Over the course of a semester my students association offered a Jingle Dress program. These dresses are very close to our hearts in my Ojibway culture. It is a healing dress originating from the 1800's to help heal our people. My university is on site of an Indian Residential School, a school where they took my ancestors away from their homes and families to convert them into Canadian society. It was a sad time in our history and more than 50 000 children are missing from the schools that were country wide. Where are the children? Dancing of this sort of nature was banned less than 100 years ago. I hold my head high through the racism and hatred still felt today.
We used a costume pattern from Simplicity 5446 just for the dress. I used the XL but its so flowy and loose I could have went for an L. These dresses are supposed to be fitting and encourage posture and form for a lady-like appearance. I used approx 200 cones in gold, the cones are snuff lids bent into shape. A lot of bias tape is needed. The tape is fused on with heat and bond than sewed at the top and because its double fold bias you insert the knotted tabs, also cut from bias tape, and sew the bias bottom. Ric Rac is that squiggly stuff for decoration. I used applique for sleeve and side decorations. They represent my colours and my clan.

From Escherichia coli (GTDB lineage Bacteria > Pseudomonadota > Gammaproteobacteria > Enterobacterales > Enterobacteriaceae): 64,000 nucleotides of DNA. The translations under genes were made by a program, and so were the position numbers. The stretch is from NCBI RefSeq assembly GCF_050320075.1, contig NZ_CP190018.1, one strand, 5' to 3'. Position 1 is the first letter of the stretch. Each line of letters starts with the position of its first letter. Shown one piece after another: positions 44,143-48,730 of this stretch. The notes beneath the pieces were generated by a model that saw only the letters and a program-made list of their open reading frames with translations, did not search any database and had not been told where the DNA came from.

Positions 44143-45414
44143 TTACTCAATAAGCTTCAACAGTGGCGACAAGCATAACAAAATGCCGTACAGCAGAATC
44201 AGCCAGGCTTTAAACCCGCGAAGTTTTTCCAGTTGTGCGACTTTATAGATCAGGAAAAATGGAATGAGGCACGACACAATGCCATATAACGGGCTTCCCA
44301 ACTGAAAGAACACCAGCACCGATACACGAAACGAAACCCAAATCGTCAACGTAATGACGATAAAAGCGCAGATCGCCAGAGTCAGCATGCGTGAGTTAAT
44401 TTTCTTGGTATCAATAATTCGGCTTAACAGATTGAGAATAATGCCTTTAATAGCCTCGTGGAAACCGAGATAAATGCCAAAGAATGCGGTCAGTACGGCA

I had a dress previously but I outgrew it. Most of the time these dresses come from family who help make it and prepare the person for this. It is a learning process and its very sacred and should never be taken advantage of. I had help from my boyfriend but I did want to do it myself because my life is lonesome since I lost my mother, my family crumbled and I wanted to be able to do this on my own. It helped me grow. But, so did my boyfriend he's wonderful but I need to do things for myself some times. I'm so happy to be able to dance again. I once had a special request from a woman who has stayed in my heart since, she gave me semaa (tobacco, we give this as an offering) to dance for all the broken hearts. I danced for her that day and I dance every time for those broken hearts. I know how it feels and this is the most powerful prayer I was ever asked of.
Brigitte J. Boissoneau posted this project as a creation without steps
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